C-50 carotenoids extracted from Haloterrigena thermotolerans strain K15: antioxidant potential and identification


FOLIA MICROBIOLOGICA, 2021 (Journal Indexed in SCI) identifier identifier identifier

  • Publication Type: Article / Article
  • Publication Date: 2021
  • Doi Number: 10.1007/s12223-021-00905-w
  • Title of Journal : FOLIA MICROBIOLOGICA
  • Keywords: Bacterioruberin, Antioxidant, Haloterrigena thermotolerans, SEM, AFM, HALOPHILIC ARCHAEON, SP NOV., SALT, DNA, BACTERIORUBERIN, RESISTANCE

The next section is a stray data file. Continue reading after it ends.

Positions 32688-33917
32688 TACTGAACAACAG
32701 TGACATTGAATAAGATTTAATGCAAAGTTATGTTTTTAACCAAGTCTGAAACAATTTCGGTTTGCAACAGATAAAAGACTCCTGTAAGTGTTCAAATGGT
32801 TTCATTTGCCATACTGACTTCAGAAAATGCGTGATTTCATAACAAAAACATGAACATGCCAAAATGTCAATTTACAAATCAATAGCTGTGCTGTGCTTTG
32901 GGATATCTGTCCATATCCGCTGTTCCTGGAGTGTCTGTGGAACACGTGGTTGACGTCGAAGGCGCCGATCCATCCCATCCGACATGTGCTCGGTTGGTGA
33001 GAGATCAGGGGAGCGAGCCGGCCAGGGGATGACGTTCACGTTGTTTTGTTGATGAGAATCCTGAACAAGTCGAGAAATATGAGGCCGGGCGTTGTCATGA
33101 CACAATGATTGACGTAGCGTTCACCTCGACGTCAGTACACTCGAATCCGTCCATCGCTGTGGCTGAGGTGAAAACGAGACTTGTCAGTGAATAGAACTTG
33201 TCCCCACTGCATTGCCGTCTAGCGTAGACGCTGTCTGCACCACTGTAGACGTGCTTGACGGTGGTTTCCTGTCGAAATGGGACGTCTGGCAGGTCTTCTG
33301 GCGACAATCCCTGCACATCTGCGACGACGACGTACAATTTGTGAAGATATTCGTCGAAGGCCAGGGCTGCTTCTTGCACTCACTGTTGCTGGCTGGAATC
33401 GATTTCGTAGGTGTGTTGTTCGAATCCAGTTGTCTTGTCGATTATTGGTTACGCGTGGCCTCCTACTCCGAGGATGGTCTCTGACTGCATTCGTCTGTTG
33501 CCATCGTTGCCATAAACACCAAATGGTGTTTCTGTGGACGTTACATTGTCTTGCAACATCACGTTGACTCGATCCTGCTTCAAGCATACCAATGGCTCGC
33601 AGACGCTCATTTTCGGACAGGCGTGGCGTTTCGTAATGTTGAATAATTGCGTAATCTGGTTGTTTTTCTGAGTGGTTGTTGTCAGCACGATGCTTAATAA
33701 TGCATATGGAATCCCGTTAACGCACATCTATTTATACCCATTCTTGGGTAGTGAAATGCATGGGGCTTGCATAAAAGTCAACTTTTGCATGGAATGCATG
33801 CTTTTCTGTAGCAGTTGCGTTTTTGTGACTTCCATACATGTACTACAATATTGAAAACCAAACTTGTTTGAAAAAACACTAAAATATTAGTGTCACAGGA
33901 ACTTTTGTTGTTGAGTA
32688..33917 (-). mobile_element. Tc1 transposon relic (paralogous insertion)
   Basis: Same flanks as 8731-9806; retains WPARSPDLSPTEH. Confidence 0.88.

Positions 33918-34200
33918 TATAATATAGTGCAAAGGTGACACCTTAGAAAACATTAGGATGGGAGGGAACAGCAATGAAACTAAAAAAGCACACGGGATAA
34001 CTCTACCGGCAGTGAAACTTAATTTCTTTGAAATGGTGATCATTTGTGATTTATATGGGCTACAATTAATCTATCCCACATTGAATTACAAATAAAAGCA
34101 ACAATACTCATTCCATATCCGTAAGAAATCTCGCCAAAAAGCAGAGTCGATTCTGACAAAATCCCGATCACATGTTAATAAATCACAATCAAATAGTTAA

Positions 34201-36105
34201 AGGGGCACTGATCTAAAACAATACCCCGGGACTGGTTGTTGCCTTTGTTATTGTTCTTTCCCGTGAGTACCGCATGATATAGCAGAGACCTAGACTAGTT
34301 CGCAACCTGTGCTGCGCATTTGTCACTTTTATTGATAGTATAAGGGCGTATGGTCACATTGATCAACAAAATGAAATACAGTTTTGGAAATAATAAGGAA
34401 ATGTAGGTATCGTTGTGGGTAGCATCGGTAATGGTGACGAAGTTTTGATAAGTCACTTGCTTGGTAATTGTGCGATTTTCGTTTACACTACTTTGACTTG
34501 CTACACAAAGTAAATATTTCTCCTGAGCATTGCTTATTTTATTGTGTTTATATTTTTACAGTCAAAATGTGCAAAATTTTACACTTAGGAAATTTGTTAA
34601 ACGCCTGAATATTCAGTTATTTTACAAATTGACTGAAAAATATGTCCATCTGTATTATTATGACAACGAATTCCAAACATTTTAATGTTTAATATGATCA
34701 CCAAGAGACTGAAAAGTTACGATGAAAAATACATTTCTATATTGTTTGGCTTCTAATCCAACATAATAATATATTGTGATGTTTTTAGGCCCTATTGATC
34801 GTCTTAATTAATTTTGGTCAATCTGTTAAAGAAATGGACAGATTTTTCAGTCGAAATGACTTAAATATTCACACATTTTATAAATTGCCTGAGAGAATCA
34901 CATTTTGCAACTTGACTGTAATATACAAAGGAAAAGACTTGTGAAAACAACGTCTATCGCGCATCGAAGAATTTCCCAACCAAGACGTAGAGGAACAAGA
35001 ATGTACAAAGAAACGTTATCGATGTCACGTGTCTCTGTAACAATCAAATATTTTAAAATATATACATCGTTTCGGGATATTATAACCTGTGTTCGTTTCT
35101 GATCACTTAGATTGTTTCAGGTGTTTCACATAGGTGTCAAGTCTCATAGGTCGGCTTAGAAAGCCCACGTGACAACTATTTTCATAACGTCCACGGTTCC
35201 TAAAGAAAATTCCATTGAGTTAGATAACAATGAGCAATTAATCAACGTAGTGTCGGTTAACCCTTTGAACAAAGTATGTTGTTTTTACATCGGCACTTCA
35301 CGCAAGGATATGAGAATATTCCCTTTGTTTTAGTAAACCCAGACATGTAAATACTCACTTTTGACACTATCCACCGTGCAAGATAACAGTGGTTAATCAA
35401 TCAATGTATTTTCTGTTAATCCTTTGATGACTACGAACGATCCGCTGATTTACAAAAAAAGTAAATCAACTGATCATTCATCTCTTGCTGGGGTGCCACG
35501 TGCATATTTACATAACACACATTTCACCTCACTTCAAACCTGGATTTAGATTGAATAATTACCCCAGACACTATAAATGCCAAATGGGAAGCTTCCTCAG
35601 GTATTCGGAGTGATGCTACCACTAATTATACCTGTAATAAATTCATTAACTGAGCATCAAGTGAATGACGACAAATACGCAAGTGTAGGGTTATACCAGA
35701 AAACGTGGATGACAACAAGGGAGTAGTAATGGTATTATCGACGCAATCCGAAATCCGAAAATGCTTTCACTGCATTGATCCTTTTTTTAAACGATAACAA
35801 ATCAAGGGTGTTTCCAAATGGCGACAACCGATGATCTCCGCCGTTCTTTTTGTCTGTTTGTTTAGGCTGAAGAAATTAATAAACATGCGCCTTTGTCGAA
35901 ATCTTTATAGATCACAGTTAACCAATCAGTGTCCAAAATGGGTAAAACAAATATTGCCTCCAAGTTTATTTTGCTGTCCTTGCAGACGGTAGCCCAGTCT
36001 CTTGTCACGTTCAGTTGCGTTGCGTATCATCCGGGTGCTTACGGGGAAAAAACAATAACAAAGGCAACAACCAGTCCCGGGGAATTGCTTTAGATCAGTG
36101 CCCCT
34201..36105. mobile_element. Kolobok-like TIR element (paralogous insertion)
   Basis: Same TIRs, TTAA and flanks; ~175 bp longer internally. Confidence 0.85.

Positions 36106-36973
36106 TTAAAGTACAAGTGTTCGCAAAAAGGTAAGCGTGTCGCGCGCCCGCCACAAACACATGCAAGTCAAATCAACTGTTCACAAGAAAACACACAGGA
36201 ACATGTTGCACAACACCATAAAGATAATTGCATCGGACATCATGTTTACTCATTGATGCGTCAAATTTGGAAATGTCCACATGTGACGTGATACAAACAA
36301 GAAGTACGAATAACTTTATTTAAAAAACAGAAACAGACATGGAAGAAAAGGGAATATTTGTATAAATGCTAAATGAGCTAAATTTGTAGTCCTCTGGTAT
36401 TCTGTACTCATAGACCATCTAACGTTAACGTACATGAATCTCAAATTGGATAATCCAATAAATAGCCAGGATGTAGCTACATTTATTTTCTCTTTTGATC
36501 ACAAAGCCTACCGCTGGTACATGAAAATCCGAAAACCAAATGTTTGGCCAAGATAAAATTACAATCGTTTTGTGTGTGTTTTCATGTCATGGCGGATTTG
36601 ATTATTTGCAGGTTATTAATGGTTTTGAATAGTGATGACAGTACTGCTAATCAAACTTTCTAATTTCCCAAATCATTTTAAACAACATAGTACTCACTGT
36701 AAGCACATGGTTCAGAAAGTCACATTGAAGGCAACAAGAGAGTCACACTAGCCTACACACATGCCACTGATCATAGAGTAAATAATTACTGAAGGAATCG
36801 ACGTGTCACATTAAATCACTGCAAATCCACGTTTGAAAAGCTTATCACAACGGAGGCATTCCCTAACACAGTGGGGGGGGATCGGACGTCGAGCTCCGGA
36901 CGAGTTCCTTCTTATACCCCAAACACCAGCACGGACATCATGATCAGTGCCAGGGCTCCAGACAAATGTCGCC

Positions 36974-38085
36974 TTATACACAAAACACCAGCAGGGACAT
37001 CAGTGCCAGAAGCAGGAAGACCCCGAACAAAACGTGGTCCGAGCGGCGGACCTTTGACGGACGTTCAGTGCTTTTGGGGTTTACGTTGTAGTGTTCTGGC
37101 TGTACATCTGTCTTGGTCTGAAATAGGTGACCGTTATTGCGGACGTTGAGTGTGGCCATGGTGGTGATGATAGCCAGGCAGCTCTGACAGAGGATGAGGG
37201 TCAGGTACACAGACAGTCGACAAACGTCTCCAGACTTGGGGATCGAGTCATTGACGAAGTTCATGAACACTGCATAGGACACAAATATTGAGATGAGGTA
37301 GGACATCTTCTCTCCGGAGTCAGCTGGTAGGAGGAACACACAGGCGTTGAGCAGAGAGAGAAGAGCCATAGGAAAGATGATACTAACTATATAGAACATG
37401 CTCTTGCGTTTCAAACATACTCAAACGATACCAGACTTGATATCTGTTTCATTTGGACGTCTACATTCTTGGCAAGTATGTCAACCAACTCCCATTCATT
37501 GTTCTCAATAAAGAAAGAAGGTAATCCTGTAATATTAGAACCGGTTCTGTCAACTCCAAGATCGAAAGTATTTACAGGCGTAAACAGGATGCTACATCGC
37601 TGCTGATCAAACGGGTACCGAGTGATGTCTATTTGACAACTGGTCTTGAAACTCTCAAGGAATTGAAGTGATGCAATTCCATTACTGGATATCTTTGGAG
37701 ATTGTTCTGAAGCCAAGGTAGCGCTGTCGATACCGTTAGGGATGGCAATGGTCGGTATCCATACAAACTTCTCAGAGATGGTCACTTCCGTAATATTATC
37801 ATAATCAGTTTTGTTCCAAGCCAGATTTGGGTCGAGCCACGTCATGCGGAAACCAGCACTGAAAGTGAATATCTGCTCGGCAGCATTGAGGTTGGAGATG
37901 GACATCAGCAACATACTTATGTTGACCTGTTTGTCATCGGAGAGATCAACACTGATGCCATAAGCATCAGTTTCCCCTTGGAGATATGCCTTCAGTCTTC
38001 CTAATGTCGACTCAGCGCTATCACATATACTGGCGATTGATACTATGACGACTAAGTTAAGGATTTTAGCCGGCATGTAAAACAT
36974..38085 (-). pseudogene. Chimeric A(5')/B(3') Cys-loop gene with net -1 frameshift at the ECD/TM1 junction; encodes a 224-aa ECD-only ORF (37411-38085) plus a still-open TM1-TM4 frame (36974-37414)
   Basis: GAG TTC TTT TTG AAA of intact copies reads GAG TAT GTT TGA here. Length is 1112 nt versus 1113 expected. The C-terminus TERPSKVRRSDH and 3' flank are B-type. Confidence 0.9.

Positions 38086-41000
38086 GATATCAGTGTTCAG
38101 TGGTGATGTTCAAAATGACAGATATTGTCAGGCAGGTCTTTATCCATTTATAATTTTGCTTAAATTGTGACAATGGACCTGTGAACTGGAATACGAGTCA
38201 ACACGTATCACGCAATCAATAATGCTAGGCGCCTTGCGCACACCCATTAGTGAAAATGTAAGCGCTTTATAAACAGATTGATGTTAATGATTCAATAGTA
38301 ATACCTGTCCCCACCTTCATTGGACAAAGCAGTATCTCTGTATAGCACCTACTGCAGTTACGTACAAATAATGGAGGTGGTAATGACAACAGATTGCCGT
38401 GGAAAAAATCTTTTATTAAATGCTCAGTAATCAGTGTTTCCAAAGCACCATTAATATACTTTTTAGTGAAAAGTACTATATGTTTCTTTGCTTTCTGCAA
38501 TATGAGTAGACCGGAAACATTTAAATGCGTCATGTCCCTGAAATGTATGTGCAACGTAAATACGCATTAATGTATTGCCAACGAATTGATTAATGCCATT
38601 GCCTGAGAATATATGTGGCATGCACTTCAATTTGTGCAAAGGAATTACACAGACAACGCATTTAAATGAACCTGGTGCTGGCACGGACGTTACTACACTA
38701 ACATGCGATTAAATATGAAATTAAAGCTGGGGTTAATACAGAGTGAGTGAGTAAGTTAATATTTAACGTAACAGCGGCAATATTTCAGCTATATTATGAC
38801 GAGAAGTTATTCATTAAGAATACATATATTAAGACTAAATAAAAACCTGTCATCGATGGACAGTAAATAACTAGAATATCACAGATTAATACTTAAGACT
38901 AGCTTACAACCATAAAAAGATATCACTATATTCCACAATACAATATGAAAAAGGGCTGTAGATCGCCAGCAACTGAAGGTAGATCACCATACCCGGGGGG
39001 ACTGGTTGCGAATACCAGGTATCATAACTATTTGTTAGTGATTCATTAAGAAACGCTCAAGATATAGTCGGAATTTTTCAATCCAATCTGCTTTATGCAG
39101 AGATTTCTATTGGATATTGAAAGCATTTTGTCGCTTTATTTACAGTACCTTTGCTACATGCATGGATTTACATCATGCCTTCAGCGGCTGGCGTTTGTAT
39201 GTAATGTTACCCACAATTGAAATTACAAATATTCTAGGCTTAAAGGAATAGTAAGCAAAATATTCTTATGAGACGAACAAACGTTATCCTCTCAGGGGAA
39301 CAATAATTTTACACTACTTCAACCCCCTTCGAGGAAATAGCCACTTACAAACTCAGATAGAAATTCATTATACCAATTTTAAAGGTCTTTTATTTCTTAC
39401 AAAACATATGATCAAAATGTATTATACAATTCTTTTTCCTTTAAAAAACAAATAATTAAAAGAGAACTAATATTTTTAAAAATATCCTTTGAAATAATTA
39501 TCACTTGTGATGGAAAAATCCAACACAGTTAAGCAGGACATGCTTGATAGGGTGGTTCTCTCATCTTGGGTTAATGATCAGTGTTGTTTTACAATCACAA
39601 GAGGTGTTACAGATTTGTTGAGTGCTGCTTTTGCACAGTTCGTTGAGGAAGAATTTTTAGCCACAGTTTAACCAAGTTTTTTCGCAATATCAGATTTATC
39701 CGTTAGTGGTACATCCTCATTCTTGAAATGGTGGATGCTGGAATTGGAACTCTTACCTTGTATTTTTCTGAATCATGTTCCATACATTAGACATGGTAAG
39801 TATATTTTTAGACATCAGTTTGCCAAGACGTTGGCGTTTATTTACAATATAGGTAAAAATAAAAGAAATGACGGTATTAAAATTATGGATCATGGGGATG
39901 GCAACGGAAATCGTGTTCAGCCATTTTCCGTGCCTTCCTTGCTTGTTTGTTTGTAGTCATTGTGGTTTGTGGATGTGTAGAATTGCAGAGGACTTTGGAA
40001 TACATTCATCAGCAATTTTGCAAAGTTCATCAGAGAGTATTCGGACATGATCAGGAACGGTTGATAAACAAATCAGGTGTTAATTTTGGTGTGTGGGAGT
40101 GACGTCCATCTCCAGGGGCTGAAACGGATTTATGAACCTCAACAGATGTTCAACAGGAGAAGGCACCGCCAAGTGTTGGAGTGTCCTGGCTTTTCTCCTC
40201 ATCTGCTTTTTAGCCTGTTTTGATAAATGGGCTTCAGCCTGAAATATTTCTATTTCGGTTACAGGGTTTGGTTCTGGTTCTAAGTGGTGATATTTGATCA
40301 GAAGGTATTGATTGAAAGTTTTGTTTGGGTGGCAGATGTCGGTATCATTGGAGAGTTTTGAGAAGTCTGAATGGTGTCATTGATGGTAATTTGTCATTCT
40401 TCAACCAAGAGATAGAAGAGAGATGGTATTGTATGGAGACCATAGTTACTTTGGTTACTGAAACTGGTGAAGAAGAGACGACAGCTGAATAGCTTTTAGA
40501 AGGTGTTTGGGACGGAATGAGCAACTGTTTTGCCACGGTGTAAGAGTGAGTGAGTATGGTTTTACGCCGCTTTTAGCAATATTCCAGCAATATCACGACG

Halophilic archaea are one of the microorganism groups that have adapted to living in high saline environments and are important in terms of their potential use in biotechnology industry. One of the most important compounds they have, carotenoid, is used in food, cosmetics, and medical industries. The selected strain was identified as an extremely halophilic and thermophilic archaeon, Haloterrigena thermotolerans K15, based on morphological, biochemical, and physiological evidence as well as 16S rRNA analysis and screened by a scanning electron microscope and an atomic force microscope for the first time. The carotenoid contents of H. thermotolerans K15 isolated from Salt Lake (Tuz Golu, Turkey) were determined by RP-HPLC-DAD and their isomers were characterized according to UV-Vis spectra by cis peak intensity and spectral fine structure. In addition to all-trans bacterioruberin as a major carotenoid, many isomers of the bacterioruberin such as monoanhydrobacterioruberin and bisanhydrobacterioruberin were also found. The antioxidant activity of carotenoid extract from H. thermotolerans was analyzed by the 2,2-diphenyl-1-picrylhydrazyl radical scavenging method. The carotenoid extract showed antioxidant activity statistically significantly higher than ascorbic acid and butylated hydroxytoluene as reference compounds (p < 0.05). This is the first study about carotenoid characterization and antioxidant activity of H. thermotolerans K15. The obtained results suggest the potential use of H. thermotolerans K15 products as a substitute for synthesized chemical carotenoids and antioxidants.